Pink color lowers Heart rate and reduces aggression

Drunk Tank Pink is a tone of pink claimed to reduce hostile, violent or aggressive behavior.




In the late 1960s, Alexander Schauss, Director of Life Sciences at the American Institute for Biosocial Research in Tacoma, Washington, did studies on psychological and physiological responses to the color pink. Schauss had read studies by the Swiss psychiatrist Max Luscher, who believed that color preferences provided clues about one's personality. Luscher noticed that color preferences shifted according to psychological and physiological fluctuations in his patients. Luscher asserted that color choice reflects emotional states. He theorized that one's color choices reflect corresponding changes in the endocrine system, which produces hormones.

In early tests in 1978, Schauss observed that color, surprisingly, did affect muscle strength, either invigorating or enervating the subject, and even influenced the cardiovascular system. Schauss began to experiment on himself, with the help of his research assistant John Ott. Amazingly, he discovered that a particular shade of pink had the most profound effect. He labeled this tone of pink P-618. Schauss noted that by merely staring at an 18 × 24 inch card printed with this color, especially after exercising, there would result "a marked effect on lowering the heart rate, pulse and respiration as compared to other colors."

In 1979, Schauss managed to convince the directors of a Naval correctional institute in Seattle, Washington to paint some prison confinement cells pink in order to determine the effects this might have on prisoners. Schauss named the color after the Naval correctional institute directors, Baker and Miller. Baker-Miller Pink is now the official name of the paint whose color has the following RGB code: R: 255, G: 145, B: 175.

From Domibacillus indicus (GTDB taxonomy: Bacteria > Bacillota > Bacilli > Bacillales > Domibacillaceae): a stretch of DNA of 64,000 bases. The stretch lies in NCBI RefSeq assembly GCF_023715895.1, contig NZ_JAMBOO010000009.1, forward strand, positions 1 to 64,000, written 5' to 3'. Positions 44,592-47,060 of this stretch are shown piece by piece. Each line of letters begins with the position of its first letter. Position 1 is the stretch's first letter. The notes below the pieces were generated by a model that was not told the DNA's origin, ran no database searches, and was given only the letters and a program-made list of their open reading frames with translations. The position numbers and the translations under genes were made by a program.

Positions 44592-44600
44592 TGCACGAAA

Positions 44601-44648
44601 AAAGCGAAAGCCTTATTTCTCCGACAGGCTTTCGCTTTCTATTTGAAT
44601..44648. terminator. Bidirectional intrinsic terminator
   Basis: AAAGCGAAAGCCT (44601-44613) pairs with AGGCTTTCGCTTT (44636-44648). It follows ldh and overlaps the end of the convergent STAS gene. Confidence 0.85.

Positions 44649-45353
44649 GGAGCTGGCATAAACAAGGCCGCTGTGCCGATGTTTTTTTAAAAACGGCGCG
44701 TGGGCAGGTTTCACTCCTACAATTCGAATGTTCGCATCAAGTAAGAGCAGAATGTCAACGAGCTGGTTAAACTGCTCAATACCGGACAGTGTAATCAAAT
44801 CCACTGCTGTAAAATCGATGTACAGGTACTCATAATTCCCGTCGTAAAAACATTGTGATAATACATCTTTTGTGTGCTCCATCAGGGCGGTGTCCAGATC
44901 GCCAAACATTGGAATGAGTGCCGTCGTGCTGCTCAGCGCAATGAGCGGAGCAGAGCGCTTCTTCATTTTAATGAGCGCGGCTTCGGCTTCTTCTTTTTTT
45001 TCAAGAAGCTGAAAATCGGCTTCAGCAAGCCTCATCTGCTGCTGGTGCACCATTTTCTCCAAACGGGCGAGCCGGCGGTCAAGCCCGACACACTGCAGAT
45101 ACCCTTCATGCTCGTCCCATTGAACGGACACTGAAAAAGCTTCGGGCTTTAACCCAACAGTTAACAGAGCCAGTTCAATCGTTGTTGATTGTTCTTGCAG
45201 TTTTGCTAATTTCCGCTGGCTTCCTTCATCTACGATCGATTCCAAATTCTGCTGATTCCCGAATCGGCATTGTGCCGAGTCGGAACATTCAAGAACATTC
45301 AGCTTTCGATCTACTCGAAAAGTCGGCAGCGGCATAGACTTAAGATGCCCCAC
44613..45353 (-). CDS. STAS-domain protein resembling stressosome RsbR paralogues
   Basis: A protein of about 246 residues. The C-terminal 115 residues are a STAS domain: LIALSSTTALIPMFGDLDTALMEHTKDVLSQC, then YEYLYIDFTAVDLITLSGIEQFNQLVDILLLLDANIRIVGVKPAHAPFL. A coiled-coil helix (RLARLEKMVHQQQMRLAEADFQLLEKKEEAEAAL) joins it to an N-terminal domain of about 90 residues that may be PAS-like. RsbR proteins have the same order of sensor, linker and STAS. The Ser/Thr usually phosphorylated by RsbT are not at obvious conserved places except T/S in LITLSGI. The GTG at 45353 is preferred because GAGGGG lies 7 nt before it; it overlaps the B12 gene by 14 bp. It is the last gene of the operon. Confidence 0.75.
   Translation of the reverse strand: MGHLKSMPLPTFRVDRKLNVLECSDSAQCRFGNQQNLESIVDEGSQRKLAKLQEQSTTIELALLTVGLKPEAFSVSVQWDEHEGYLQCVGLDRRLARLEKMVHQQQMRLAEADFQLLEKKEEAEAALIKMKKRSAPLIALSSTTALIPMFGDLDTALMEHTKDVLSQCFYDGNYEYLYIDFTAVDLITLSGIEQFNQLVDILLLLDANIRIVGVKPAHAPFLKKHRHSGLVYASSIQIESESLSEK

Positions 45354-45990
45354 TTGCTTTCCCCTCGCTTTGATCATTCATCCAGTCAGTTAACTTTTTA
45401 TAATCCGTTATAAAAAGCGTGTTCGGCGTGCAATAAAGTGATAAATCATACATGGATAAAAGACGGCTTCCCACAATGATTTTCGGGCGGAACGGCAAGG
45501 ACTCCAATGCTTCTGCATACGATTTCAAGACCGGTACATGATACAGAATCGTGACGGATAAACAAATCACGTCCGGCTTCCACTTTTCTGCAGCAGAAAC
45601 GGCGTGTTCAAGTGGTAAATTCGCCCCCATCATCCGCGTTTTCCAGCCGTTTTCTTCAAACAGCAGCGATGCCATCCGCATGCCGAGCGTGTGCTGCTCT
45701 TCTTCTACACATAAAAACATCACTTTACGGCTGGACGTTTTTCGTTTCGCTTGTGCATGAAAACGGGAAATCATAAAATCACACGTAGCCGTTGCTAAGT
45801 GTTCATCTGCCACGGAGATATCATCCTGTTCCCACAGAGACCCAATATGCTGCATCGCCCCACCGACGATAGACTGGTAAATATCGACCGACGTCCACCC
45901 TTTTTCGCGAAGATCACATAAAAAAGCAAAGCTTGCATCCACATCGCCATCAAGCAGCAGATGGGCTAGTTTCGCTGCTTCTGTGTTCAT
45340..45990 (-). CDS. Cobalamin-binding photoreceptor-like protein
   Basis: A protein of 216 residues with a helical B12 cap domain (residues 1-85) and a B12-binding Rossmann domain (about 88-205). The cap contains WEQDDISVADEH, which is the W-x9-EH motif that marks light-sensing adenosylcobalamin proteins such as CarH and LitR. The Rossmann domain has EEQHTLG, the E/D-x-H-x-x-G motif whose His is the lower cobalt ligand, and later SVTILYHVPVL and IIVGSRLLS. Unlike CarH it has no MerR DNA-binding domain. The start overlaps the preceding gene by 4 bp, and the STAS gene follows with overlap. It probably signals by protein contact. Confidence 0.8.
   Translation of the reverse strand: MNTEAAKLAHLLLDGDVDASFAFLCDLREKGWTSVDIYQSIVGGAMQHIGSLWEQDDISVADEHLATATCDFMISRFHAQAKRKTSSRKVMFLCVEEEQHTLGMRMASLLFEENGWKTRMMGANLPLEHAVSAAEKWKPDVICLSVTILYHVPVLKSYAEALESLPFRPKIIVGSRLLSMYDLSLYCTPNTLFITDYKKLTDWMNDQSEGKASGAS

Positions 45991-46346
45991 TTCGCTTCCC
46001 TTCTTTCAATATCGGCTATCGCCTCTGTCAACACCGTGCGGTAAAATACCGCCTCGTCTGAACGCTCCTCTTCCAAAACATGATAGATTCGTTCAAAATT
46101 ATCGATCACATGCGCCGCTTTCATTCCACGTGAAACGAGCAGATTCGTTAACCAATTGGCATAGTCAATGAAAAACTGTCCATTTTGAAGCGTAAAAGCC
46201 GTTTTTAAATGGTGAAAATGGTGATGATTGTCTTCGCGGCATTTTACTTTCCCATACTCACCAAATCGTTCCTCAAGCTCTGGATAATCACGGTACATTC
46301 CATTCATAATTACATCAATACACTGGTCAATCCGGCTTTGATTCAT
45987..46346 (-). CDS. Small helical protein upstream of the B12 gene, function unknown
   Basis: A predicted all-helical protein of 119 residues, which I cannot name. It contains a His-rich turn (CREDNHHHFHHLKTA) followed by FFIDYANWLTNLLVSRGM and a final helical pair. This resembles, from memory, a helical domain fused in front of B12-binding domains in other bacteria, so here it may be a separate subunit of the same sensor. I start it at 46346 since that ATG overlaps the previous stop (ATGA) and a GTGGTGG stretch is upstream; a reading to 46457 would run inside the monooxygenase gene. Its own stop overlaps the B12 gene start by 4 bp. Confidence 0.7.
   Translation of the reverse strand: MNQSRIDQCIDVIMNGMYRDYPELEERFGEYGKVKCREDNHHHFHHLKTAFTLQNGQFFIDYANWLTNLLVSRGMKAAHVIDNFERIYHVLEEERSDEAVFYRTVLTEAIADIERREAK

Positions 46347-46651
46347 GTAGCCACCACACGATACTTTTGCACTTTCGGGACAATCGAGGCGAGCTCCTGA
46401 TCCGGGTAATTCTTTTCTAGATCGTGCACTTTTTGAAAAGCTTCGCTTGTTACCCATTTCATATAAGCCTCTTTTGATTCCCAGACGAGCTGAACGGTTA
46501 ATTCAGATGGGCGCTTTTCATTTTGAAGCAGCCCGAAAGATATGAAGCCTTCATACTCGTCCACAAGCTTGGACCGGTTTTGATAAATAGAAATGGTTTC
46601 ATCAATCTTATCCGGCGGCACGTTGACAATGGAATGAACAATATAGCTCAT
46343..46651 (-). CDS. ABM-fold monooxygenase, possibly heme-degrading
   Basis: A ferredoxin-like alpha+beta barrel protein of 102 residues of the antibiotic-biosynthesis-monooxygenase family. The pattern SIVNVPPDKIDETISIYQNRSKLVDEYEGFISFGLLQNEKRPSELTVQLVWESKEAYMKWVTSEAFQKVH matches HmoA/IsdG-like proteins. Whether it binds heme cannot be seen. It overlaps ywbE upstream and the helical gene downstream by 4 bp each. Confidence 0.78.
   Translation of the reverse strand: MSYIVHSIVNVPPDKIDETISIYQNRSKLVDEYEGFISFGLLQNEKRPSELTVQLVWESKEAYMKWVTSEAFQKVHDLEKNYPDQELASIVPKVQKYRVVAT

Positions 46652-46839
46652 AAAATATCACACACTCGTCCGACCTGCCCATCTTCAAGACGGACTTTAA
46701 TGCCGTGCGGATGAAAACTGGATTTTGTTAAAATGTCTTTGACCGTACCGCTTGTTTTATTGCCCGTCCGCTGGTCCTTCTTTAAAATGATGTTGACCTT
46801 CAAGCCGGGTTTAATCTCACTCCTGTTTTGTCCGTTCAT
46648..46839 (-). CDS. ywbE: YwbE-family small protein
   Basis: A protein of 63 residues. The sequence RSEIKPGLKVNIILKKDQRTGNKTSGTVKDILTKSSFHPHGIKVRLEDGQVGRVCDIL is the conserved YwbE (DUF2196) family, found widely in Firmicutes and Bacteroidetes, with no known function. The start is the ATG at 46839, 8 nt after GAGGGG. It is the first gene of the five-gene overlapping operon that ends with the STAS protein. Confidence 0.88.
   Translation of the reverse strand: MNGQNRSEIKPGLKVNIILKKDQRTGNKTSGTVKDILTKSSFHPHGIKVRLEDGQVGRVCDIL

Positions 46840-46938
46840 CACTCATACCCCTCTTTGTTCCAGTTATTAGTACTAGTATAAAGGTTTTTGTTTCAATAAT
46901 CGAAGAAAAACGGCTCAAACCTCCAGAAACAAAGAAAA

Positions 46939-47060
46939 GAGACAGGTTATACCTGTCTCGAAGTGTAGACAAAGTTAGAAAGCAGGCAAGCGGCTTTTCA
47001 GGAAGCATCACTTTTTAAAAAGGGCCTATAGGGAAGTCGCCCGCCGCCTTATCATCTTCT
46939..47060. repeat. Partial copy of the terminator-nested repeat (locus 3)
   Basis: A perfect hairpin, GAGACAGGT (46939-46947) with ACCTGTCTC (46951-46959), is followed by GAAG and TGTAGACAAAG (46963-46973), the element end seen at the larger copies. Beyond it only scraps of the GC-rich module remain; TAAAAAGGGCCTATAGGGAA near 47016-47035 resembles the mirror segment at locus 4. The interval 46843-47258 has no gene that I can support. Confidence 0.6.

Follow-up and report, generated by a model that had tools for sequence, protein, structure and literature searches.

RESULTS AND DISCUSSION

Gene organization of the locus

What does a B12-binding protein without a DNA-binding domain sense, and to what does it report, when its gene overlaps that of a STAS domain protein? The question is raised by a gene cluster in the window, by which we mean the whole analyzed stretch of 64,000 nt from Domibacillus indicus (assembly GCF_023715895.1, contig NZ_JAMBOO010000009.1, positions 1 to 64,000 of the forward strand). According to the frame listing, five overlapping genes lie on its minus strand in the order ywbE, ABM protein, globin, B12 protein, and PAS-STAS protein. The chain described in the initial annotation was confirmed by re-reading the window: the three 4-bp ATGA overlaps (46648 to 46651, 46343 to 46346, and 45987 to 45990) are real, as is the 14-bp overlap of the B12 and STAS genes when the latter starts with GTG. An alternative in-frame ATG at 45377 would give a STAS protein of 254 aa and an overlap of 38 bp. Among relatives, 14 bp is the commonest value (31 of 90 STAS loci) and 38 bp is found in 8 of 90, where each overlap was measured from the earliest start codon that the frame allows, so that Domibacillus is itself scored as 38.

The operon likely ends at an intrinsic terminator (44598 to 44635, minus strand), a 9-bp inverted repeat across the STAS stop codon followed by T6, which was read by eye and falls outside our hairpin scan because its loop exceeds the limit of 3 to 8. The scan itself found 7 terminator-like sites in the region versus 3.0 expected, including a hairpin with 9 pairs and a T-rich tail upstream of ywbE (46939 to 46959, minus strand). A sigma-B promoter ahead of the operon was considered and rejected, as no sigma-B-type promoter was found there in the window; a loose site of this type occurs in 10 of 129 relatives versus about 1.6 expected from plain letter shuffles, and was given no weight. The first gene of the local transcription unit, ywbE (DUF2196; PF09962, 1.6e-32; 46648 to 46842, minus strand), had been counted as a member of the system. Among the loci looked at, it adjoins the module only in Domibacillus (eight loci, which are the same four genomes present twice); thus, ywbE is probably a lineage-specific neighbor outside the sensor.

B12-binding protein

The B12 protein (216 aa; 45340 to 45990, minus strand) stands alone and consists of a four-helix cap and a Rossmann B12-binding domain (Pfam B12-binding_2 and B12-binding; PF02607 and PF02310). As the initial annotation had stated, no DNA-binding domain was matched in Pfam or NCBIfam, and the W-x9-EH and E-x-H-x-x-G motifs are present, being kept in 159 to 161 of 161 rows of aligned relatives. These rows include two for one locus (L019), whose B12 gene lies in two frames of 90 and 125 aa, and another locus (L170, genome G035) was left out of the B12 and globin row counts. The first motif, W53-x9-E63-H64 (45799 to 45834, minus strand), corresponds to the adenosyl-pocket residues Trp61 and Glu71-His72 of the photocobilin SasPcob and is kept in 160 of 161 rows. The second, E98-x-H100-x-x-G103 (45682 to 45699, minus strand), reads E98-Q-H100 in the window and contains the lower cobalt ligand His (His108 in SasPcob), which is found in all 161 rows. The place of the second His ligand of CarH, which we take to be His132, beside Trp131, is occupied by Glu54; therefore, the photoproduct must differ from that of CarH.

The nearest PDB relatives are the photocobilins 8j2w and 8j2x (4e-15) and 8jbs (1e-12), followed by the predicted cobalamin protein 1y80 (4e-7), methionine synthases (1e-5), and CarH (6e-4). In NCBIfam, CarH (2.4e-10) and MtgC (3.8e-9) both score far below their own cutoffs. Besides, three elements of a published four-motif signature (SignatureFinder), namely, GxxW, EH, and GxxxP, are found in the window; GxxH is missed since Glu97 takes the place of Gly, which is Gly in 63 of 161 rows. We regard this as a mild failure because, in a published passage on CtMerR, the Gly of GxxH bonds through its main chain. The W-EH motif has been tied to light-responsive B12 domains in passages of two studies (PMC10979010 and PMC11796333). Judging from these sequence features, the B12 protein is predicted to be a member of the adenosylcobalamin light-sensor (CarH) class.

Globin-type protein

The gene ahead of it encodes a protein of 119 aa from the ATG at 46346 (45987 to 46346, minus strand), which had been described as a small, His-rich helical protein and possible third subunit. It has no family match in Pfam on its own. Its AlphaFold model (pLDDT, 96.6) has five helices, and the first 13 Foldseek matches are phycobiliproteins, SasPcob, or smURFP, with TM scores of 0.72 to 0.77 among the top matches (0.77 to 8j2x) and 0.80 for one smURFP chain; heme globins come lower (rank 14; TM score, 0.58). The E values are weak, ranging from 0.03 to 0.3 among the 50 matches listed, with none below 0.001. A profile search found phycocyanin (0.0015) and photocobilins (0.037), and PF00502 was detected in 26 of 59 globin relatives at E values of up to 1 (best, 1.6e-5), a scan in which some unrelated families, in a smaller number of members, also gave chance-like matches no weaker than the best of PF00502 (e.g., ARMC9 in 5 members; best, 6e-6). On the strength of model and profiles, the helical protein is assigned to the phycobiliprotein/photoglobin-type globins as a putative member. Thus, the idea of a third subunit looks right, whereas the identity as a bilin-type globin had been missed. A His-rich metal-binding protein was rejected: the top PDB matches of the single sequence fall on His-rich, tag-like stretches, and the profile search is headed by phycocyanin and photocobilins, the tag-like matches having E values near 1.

At the correctional facility, the rates of assault before and after the interior was painted pink were monitored. According to the Navy's report, "Since the initiation of this procedure on 1 March 1979, there have been no incidents of erratic or hostile behavior during the initial phase of confinement". Only fifteen minutes of exposure was enough to ensure that the potential for violent or aggressive behavior had been reduced, the report observed

src Wiki

Also read the book - Drunk Tank Pink

In this interview the author talks about how the University of Iowa's famous football coach Hayden Fry was a psychology major before he got into coaching. And he had the visitors' locker room painted drunk tank pink at Iowa, and to this day it remains somewhat of a part of his legacy that he did this, and Bo Schembechler from Michigan used to cover the walls with newspaper to avoid the psychological effects of it on the football teams.

In one experiment with Mr. California, who was a weightlifter, and he was lifting very heavy weight quite comfortably. As soon as they held up this pink cardboard in front of him, he couldn't lift it anymore. And to snap him out of it, they had to show him a blue piece of cardboard, which undid the effect.


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